Over the past few years there’s been an interest in scaling agile to the enterprise.  The desire to scale agile seems to have intensified over the last year, in particular.  Almost without exception, every conference remotely related to software development and/or project management seems to have some presentation on the topic of scaling agile.  I believe this is being done with the best of intentions but, in my opinion, it misses the point on at least three levels.

First, almost all of the discussions I’ve heard, and most everything I read, refers to scaling aprocess.  I can understand why so many are looking at the process first—because it’s easier; well, until they actually start at which point they discover it’s not so simple after all.  One of the reasons they immediately encounter difficulty is that the enabling factor of scaling is not yet in place.  I know it may sound cliché at this point, but please recall the first line of the Agile Manifesto which states that we value “individuals and interactions over processes and tools.”  One of the primary reasons companies struggle so mightily with agile adoption, not simply with scaling, is because the enabling behavior and attitudes are either lacking or totally nonexistent.  They’ve either forgotten to consider individuals and their interactions, ignored them completely, or undervalued the importance of the human element.

Agile methods are based on empiricism, which implies adaptation based on observations.  In short, it is not a control mechanism—especially of people.  In fact, I’m beginning to strongly believe we should stop talking about scaling process entirely—at least for the time being; rather, focusing our attention on de-scaling process through the introduction of replicated Lean Startup models such as the one Spotify has adopted.  My colleague, Brian Watson, also discussed this premise in a blog post titled Agile Killed the Project Star.  If you’d like an introduction to the Lean Startup, the video below summarizes the concept .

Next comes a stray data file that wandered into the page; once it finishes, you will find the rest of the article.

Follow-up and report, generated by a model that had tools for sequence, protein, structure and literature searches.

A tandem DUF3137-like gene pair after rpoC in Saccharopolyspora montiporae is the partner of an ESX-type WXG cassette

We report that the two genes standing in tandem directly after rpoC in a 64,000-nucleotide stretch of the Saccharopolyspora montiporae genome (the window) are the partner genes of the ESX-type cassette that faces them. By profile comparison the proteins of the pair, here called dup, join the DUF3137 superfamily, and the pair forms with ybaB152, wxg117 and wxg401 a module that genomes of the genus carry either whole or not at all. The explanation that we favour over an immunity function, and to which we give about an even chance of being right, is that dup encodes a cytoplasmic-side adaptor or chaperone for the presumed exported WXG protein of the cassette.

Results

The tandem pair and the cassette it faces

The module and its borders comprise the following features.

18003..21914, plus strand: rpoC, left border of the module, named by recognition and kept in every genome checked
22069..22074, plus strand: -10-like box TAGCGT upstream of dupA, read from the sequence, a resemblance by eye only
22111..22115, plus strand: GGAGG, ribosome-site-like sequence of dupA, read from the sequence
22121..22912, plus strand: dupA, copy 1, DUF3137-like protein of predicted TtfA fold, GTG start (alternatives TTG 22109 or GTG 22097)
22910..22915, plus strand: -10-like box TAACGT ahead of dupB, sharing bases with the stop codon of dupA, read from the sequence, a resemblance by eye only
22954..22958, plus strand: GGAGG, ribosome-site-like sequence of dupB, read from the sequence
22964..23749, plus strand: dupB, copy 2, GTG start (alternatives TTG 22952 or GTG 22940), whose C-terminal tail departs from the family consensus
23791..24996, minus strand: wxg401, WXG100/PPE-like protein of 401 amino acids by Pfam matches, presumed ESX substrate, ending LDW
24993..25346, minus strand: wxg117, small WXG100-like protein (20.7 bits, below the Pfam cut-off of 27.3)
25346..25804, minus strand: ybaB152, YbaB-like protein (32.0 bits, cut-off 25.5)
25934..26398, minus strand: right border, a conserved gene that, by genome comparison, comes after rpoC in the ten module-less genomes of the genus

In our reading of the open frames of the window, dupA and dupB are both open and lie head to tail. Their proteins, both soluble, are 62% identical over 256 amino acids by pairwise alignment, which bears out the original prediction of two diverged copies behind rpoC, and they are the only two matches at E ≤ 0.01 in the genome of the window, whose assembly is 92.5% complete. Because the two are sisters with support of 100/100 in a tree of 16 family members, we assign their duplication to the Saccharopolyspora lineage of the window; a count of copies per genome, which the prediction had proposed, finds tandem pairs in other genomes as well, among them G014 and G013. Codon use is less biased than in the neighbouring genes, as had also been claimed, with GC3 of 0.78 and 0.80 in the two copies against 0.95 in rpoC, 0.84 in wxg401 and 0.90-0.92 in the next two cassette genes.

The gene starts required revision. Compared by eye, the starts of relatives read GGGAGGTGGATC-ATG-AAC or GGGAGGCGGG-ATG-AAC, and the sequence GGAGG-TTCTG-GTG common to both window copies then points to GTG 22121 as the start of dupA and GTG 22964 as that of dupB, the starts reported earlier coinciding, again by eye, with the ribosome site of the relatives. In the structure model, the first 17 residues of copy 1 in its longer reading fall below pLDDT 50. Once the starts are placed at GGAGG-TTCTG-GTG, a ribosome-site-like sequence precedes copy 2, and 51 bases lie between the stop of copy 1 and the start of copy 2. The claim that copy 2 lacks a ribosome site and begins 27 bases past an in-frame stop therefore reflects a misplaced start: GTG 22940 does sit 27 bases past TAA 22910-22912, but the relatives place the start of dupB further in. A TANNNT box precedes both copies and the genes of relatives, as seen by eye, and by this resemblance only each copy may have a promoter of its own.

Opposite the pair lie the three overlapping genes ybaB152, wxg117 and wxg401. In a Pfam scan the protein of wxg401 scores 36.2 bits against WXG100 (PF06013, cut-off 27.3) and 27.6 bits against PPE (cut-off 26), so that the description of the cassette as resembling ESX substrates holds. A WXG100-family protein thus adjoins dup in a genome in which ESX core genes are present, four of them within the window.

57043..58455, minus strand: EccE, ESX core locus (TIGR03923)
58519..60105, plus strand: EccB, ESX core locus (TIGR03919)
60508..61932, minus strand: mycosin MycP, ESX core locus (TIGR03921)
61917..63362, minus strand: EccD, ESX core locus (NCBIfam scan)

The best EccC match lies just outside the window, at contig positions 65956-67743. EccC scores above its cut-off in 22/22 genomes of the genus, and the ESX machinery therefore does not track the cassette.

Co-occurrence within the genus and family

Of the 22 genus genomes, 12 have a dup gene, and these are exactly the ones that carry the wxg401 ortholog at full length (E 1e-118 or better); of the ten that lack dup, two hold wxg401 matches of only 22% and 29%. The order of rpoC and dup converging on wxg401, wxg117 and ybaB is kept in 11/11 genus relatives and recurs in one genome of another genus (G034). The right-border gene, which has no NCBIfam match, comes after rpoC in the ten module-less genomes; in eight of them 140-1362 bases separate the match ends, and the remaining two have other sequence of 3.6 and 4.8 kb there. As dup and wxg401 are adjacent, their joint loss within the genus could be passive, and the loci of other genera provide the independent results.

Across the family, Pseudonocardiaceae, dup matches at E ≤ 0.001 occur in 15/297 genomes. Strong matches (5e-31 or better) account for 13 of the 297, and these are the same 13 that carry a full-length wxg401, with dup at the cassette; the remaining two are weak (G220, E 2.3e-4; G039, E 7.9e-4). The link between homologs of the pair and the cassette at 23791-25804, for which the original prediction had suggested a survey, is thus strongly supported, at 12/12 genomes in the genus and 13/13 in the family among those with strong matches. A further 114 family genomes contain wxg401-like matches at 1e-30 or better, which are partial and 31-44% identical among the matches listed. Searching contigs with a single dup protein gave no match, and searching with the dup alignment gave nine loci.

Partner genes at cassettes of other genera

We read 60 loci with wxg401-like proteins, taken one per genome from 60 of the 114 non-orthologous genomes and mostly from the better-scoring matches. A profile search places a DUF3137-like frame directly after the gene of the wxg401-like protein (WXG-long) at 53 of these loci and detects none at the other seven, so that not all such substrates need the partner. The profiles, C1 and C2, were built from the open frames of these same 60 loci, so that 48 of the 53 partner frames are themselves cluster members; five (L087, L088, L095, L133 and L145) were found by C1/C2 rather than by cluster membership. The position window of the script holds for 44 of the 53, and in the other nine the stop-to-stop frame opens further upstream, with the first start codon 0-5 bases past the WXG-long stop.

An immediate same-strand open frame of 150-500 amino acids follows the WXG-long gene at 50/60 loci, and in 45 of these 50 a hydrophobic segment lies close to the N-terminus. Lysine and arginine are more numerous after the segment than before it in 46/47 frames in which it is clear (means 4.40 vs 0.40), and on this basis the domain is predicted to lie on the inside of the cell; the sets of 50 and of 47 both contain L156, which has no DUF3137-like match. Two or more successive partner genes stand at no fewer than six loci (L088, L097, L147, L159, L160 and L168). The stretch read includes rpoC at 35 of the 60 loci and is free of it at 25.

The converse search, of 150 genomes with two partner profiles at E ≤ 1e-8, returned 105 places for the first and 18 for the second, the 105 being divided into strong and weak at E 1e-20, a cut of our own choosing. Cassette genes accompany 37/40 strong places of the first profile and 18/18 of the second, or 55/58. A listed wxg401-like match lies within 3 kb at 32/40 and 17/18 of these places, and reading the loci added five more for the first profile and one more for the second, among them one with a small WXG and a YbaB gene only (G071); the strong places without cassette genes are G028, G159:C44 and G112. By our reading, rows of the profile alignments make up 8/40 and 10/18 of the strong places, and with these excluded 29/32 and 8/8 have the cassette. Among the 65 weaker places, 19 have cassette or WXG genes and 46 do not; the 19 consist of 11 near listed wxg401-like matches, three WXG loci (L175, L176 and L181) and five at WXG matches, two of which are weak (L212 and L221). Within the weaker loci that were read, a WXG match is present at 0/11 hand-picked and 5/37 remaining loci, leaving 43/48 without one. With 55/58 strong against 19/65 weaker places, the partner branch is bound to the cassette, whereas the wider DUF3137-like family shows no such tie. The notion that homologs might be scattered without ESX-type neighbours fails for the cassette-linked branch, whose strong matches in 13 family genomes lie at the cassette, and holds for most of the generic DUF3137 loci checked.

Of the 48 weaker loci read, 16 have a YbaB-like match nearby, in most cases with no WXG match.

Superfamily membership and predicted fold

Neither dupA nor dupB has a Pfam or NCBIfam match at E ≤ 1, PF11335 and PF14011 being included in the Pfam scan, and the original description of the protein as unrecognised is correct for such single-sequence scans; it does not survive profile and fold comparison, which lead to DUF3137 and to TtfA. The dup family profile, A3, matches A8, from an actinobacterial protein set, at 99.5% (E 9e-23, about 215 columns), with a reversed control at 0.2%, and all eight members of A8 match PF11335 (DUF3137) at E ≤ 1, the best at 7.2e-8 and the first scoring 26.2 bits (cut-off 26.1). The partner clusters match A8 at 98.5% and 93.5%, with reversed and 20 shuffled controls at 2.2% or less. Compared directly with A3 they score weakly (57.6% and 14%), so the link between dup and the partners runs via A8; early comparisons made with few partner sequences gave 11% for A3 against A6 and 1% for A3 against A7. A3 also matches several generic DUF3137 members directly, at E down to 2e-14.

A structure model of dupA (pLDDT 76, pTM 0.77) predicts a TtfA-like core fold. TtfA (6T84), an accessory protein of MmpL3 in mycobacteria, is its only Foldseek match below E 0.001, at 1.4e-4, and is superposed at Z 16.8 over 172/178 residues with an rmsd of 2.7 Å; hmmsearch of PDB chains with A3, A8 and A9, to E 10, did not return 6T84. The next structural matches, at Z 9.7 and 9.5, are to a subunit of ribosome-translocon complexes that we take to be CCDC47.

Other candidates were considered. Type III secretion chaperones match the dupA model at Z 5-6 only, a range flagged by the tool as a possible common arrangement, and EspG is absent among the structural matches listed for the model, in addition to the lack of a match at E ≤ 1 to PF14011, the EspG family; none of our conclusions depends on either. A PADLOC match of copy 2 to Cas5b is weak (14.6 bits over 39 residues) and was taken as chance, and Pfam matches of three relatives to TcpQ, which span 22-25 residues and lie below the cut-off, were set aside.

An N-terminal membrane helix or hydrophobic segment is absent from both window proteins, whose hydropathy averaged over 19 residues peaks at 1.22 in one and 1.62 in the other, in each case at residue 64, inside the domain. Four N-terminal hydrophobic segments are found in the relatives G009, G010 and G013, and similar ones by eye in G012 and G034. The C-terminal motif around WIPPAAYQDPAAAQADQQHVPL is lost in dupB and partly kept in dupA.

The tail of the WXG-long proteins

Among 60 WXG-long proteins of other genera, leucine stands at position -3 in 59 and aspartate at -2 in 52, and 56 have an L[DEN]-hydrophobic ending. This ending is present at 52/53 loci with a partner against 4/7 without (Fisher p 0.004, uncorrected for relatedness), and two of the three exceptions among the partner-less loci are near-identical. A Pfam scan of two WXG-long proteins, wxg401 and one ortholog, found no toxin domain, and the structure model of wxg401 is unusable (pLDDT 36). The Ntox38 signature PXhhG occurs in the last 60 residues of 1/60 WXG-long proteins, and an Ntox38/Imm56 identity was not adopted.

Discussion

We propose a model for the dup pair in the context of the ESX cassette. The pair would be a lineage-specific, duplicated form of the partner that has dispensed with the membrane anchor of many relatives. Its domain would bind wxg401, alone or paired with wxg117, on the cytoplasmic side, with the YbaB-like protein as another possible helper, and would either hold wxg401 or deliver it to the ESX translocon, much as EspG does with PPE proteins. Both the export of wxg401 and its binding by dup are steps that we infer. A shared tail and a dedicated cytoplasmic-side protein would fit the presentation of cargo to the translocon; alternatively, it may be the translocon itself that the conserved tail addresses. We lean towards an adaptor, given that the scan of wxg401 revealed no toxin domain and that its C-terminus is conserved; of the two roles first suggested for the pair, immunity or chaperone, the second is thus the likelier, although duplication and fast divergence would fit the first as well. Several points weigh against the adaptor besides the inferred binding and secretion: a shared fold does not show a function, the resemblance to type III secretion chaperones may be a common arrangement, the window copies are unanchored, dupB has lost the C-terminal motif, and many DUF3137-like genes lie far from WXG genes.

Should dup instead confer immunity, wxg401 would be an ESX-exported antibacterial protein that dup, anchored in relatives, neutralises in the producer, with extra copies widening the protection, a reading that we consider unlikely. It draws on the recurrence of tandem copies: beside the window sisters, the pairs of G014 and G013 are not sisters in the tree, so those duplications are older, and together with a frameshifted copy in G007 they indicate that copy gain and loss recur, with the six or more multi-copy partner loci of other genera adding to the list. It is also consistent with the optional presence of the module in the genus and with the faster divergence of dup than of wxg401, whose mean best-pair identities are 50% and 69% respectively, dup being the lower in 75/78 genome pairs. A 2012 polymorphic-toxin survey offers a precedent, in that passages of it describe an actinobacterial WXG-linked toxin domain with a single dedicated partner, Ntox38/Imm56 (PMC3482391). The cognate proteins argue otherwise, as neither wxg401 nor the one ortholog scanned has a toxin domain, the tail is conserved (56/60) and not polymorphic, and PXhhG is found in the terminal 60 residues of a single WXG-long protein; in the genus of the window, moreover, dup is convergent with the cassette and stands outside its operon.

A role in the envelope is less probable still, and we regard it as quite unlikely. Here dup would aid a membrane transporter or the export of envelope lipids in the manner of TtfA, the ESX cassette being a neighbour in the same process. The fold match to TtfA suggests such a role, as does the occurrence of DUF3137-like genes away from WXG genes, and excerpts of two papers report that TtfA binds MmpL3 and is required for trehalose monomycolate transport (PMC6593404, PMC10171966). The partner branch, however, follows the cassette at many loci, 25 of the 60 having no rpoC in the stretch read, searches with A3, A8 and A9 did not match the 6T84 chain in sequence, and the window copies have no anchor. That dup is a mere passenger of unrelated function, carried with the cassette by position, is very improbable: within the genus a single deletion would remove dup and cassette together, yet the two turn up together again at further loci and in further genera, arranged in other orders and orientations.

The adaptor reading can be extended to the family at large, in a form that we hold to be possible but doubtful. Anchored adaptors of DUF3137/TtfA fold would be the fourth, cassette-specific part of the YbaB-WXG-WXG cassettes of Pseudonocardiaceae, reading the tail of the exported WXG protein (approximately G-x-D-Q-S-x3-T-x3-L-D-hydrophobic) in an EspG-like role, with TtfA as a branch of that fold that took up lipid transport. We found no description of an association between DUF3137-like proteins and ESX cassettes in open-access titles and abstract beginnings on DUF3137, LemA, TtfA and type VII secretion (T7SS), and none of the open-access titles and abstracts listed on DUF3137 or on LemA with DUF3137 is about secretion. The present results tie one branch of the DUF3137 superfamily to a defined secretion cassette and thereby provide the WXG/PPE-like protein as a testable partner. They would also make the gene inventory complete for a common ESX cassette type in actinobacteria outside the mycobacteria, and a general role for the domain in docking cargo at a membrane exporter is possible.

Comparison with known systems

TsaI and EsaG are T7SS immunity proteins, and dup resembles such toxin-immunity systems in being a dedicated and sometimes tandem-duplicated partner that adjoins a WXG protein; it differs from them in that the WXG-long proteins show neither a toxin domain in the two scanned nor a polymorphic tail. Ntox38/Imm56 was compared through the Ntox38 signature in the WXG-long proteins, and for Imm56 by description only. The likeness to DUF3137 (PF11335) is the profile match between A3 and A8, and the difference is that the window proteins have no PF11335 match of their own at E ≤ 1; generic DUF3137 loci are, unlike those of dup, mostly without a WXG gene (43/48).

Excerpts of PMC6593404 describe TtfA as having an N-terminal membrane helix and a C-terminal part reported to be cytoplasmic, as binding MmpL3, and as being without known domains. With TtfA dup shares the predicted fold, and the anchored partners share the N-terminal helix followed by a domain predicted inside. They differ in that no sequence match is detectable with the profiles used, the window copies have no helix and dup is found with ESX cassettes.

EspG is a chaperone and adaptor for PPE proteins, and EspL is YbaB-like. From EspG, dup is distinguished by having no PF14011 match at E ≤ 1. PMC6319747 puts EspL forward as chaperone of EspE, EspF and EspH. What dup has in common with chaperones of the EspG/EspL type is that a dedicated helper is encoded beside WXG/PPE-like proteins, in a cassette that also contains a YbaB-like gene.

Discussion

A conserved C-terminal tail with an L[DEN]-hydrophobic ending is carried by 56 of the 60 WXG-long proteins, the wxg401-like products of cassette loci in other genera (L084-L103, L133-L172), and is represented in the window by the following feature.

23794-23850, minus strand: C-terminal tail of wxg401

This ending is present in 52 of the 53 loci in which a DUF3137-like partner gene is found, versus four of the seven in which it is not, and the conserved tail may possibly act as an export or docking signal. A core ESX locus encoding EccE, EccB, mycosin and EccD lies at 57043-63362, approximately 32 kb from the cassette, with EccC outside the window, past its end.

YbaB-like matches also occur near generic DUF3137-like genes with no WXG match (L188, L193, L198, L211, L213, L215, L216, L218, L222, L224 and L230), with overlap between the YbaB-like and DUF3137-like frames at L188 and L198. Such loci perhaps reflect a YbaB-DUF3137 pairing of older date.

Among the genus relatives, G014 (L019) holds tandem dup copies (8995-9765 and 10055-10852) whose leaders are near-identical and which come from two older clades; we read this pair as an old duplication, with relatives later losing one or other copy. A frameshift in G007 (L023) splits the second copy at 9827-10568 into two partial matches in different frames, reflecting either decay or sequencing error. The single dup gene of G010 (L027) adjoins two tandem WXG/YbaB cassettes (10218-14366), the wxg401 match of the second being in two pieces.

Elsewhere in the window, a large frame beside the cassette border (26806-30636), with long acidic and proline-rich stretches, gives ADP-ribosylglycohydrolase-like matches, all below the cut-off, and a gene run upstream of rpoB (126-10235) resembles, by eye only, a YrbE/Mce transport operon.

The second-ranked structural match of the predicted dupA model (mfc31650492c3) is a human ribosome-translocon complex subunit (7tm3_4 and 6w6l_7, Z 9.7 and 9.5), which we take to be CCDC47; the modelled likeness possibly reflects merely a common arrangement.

Secondly, I fear that leaders genuinely desire the results agility promises (faster delivery, higher quality, improved morale, etc.) but do not want to first address their own behavior. They’re perfectly ready and able, but not truly willing. I constantly hear the lip service, but rarely witness the behavior demonstrated. The dissonance I see repeatedly is as follows:

Lip Service: I want teams to be self-organizing, self-sufficient, and deliver value quickly to the customer with high quality;

Behavior Demonstrated: I don’t want to let go of the control I’ve worked so hard for and hold dearly. I must be able to leverage my personal authority – otherwise, what value does my authority bring?

This is a dysfunctional and destructive attitude for your teams, your organization, and your shareholders. For an agile leader, the value of your authority is that you have power to remove organizational and bureaucratic barriers impeding the progress of teams—exercise your authority through servant leadership. It’s amazing the change you’ll see in others as a result of first changing yourself. Reread that sentence again and stop to let it firmly embed itself into your psyche. To put it another way, you do not deliver value; you enable value delivery. I wrote about this topic last year in a blog entry titled What’s Your Role: Umbrella or Funnel?